reality-check[1]Before a child is even born, the impact of parenting on the mother begins since we are the vessel for life. The physical and hormonal impact is obvious, but mothers also begin parenting the child before the child is even born. I was parenting Page as soon as I found out I was pregnant, from changing my eating habits for her health to thinking about her child care, i.e., would I work or stay at home. (Side note: I just shorthanded that major decision in a way our society does, and it makes no sense, such a massive decision alluded to as if it were anywhere near simple.)

I had always imagined I would stay out of the work force and work within the home once I had a child, until the child started school. But as life would unfold, it took me a very long time to conceive, and was looking like it might never happen, at which point I began my own private practice, signed a five-year lease, and promptly got pregnant. This was a great reminder that a big part of life is about rolling with what unfolds regardless of whether it fits the well-laid plans you set in your own imagination.

Even though I planned for Page to be cared for in the home by myself and a nanny for the first two years, I toured the day care center at my husband’s workplace while pregnant since it was known to have a long wait list. As we pulled into the parking lot, I began crying. I explained to my husband that there was no reason to go in because I was never going to leave my baby. My husband was perplexed because we had a scheduled personal tour supposed to begin in five minutes and he had a distraught wife, and truth be told I am sure he was thinking, a hormone-laden nonsensical wife. Because had I had my wits about me, even if I’d changed my mind about child care, I wouldn’t be sobbing and repeating the mantra of how I will never leave my child, but would simply explain to my husband I had changed my mind. But here I was, parenting Page before she was born, trying to make good parenting decisions before I even really knew what I was doing in many ways. (Yes, I am a child psychologist, but text book knowledge and even experience with other people’s children isn’t the same as trying to make your own emotionally-influenced decisions, as I was immediately learning.)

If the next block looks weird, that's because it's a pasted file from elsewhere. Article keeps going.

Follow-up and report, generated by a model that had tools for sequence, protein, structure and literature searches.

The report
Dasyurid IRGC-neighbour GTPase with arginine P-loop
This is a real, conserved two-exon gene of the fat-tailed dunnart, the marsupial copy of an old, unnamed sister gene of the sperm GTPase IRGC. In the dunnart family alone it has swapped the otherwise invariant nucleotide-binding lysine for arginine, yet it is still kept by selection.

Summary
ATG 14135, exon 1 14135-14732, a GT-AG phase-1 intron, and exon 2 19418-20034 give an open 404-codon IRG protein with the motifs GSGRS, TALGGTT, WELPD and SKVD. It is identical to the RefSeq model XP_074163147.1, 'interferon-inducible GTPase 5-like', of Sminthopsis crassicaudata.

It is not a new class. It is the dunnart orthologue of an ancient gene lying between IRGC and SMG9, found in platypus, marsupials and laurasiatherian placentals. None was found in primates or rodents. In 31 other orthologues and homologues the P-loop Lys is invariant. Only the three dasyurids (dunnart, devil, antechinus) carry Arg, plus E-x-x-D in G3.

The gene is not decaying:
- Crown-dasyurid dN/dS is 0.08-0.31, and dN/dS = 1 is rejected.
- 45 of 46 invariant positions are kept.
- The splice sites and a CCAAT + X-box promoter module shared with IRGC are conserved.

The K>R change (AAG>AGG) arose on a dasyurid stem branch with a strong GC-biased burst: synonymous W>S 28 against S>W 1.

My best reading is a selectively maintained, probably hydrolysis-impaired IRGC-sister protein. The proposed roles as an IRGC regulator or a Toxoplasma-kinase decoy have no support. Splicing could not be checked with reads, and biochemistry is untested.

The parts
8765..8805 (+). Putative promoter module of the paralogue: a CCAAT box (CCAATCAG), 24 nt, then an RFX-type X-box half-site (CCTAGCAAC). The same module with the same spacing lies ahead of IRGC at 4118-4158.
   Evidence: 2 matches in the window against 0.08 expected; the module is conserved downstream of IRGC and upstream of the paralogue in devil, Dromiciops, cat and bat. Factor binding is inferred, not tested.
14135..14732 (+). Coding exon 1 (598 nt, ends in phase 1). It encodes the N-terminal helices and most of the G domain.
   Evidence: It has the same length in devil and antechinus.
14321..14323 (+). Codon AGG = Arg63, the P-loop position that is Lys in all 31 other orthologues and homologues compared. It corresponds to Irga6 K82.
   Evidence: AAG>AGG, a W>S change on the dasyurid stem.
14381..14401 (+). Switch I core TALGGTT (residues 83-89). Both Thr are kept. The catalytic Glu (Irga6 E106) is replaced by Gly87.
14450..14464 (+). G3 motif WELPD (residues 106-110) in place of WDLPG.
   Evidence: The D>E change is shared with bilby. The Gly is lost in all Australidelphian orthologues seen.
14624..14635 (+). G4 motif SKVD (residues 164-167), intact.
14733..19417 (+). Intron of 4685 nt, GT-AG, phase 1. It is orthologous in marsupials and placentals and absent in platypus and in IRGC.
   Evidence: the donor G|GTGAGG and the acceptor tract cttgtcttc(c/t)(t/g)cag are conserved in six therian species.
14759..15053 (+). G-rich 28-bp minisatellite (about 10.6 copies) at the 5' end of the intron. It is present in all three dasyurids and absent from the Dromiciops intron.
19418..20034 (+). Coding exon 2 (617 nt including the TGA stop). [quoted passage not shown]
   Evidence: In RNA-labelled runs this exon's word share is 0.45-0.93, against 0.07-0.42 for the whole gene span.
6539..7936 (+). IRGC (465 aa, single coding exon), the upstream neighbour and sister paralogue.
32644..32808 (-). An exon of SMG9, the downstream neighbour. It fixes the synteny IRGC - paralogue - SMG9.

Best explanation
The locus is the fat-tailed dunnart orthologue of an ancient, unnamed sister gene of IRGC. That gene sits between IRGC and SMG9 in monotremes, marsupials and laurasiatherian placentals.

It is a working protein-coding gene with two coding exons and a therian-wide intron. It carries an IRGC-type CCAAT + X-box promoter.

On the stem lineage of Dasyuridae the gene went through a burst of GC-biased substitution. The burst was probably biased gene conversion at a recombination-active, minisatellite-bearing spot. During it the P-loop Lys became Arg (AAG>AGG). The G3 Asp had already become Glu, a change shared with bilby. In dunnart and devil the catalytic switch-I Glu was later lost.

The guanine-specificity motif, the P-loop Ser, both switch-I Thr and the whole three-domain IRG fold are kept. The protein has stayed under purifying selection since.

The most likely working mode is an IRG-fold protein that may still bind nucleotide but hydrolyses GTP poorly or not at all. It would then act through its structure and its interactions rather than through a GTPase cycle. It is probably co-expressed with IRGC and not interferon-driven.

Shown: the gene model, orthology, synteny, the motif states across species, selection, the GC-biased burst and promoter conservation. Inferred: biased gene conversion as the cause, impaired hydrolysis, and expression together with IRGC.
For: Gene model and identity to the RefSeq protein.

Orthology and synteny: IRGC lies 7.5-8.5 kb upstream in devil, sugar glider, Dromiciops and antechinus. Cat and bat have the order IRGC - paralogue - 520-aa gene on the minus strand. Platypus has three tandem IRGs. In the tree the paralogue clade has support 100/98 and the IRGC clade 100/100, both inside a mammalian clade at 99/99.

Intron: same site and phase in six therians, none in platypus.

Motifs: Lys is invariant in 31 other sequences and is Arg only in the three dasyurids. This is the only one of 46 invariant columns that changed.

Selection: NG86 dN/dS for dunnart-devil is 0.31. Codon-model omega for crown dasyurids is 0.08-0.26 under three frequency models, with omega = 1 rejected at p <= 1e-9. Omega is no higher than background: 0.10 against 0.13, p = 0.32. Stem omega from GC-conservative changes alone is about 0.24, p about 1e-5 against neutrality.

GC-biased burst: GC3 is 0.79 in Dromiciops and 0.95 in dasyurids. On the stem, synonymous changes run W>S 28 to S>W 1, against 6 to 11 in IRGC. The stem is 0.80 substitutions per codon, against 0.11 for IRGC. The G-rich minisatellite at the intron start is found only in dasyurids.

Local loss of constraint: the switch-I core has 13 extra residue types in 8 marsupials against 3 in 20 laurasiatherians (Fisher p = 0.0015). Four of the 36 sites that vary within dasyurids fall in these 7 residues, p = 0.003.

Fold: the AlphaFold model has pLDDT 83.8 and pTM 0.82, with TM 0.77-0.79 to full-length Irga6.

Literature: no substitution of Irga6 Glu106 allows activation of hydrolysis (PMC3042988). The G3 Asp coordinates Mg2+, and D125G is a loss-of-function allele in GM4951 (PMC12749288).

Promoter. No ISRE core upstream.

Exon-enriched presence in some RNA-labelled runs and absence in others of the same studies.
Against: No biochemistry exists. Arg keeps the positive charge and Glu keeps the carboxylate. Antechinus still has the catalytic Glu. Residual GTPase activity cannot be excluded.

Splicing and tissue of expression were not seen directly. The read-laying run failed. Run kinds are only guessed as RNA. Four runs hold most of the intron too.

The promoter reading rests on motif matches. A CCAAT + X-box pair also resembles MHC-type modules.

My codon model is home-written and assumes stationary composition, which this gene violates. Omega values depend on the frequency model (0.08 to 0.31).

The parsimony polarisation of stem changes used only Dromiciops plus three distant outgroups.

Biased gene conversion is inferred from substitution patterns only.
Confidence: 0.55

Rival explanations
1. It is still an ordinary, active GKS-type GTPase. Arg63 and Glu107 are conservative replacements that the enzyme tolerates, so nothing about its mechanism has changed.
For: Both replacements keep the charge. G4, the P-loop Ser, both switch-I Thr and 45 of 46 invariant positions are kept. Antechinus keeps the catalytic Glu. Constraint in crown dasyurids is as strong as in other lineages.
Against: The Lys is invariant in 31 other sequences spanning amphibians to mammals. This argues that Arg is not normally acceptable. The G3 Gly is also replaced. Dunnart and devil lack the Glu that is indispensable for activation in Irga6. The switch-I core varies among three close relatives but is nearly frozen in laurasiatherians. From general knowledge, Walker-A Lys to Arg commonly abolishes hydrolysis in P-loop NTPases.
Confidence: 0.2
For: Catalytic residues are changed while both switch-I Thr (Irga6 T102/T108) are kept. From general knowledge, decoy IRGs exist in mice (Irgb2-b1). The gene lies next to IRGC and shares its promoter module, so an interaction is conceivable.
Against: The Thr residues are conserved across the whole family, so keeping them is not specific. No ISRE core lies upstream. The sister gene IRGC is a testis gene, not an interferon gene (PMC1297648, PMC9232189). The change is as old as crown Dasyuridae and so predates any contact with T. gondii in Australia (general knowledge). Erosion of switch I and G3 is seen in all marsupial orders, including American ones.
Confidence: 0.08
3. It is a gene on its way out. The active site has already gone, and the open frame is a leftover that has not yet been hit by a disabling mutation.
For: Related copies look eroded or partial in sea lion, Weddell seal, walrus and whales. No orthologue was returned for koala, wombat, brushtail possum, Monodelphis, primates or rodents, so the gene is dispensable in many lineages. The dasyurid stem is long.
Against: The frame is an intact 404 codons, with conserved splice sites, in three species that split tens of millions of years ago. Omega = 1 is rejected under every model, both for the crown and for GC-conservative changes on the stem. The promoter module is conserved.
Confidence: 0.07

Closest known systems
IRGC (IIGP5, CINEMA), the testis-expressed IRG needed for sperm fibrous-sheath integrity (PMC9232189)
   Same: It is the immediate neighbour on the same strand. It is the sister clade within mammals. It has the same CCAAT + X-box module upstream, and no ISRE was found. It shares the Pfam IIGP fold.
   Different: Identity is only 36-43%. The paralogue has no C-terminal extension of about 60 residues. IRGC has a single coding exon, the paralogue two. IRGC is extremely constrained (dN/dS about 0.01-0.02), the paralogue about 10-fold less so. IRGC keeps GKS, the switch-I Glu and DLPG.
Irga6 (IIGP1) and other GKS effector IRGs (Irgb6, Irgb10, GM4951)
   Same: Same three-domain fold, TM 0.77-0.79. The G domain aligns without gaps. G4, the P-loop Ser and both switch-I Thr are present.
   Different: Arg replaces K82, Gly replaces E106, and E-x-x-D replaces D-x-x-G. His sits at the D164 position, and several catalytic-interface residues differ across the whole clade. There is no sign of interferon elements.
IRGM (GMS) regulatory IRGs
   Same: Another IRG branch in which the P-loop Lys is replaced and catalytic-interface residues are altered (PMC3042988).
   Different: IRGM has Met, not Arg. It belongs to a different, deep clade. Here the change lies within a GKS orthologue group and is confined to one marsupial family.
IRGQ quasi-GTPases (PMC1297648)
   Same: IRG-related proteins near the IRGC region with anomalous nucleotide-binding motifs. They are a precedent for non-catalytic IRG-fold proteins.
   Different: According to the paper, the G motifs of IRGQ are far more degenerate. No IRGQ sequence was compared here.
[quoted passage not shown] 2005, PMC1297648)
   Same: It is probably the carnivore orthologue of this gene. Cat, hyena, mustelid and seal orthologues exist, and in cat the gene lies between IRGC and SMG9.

Peter calmed me down and cajoled me into keeping the tour since (he said) it would be rude to cancel last minute; at the time I thought it would be rude to waste their time taking me on a tour since I would never in my life leave my child’s side, but nonetheless he persuaded me to go in. It was a lovely day care and preschool facility, and at some point later I decided I would probably send Page there when she was two or three-years-old and developmentally engaging in reciprocal play. However, the universe had different plans, with a spot opening up for Page when she was 15 months old, and us uneasy to let it go lest we not get another spot when we needed it. We had also been learning over those first 15 months how unpredictable nanny care can be. And I had been learning that I loved being a mother but disliked child care, meaning I found it often times mind-numbingly boring. I was a better mom when I could have the balance of spending some time engaging my mind in adult work pursuits, and some time engaging in child care.

So much for my well-laid plans to control the timing of my pregnancy, stay at home until Page entered school, and enjoy being a stay-at-home mom. Nothing worked out the way imagined it. I certainly didn’t plan to tackle the two most important and time-consuming goals of my life at the exact same time, i.e., having a young child and starting a business. And yet it has all worked out better than I imagined, because imagination is about the details, but living it is about the deep joy I experience in loving and parenting Page.

Originally published at chapelboro.com on November 7, 2013